Texas Senator Ted Cruz Sen. Ted Cruz, (R-Tex.) (AP Photo/Carolyn Kaster, File)

How, if you are Ted Cruz, do you win the Republican nomination for president? You follow the same path that you used to win an upset nomination for the Senate. Cruz can’t really go to the right; there are essentially no issue differences that he can open up between himself and the bulk of the Republican field. Marco Rubio, Chris Christie, Paul Ryan, Scott Walker, to name but a few, will match Cruz and each other step-by-step as they compete for who is the real conservative in the race.

No, it’s not going to be substance. Instead, Cruz will use the tried-and-true strategy of calling the rest of the party weaklings and wimps. And so today he blasted Republicans for refusing to sign on to the insane plan to shut down the government until Barack Obama and the Democrats surrender and eliminate the Affordable Care Act.

Insane? Well, as a tactic to actually get anything done, sure. After all, Republicans were unable to get Obama to concede on Obamacare two years ago, when Republicans had more seats in the House, more seats in the Senate, a recent landslide victory, and a weak president who was no sure thing for reelection. Some Republicans even remember the fiasco of 1995-1996, when Republicans were in an even better position — with majorities in both Houses of Congress — and still couldn’t force Bill Clinton to surrender.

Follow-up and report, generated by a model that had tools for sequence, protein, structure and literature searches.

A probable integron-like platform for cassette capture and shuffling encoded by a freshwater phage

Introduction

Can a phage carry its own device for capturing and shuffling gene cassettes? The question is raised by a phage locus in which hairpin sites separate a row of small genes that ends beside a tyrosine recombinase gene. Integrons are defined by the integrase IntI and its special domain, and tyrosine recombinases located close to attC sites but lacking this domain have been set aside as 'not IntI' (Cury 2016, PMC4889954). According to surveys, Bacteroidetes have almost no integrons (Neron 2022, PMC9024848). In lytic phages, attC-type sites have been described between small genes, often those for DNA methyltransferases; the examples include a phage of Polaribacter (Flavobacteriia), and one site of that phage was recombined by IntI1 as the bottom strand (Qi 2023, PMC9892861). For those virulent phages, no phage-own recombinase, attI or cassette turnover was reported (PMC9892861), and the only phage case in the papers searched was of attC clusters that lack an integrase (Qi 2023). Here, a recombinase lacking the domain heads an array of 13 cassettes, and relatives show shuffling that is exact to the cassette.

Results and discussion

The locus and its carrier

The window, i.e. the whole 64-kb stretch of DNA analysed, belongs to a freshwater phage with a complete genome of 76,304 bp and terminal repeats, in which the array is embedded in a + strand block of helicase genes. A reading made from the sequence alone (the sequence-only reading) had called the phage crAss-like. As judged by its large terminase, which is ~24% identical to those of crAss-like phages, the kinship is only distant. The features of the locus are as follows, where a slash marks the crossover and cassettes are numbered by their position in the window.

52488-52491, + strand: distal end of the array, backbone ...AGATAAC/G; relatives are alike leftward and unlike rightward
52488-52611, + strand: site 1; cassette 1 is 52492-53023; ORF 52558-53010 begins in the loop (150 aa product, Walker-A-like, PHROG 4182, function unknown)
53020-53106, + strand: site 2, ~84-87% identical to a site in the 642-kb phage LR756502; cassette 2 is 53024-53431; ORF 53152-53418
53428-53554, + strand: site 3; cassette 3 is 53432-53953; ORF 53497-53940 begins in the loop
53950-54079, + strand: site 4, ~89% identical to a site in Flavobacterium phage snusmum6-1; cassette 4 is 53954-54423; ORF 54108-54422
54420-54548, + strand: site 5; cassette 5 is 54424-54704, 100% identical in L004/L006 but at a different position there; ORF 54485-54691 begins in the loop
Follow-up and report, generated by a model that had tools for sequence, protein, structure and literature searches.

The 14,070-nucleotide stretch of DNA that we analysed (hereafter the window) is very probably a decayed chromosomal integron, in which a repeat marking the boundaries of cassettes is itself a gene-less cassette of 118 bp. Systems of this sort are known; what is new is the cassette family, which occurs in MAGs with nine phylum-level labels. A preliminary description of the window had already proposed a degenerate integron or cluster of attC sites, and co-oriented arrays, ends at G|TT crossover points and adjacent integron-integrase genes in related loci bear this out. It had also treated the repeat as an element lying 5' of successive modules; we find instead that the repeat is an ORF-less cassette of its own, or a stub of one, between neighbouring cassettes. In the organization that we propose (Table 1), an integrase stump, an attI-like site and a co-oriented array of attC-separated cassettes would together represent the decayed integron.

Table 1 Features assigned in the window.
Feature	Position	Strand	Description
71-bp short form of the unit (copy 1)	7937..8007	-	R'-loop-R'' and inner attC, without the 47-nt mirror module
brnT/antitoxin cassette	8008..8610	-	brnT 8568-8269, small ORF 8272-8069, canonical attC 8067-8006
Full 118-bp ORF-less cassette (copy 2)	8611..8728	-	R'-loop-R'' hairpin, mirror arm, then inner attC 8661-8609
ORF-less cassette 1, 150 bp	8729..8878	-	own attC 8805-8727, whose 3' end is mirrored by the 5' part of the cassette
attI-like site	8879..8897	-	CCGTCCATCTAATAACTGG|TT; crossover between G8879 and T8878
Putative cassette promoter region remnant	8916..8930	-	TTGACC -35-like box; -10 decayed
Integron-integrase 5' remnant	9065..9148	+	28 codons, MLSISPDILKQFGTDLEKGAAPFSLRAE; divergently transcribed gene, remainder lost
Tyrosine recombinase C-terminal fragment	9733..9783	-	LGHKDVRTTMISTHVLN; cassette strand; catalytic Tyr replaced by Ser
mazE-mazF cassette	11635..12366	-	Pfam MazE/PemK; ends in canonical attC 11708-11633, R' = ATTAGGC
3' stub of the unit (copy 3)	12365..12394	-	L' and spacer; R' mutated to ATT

Remember, what this basically comes down to is a threat by a handful of Republicans — who, again, lost the last elections — to hold their noses until they turn blue, and to take the country down with them, until everyone just gives them what they want. It’s a tactic that rarely works in the playground; it’s not going to work in Washington, if “works” means policy victories.

As a way to separate himself from the pack at the expense of his fellow Republicans, however, Cruz’s tactics are hardly insane. They’re irresponsible, but if Cruz doesn’t have the willingness to demagogue, then he’s just a brand new Republican Senator with nothing to show for his first six months in office, and no plans to add anything substantive to his record before his already-begun presidential run. So expect plenty more of this in the months to come. After all, it may be hurtful for the nation and destructive for his party, but it’s a lot easier than actually doing real (conservative) policy work.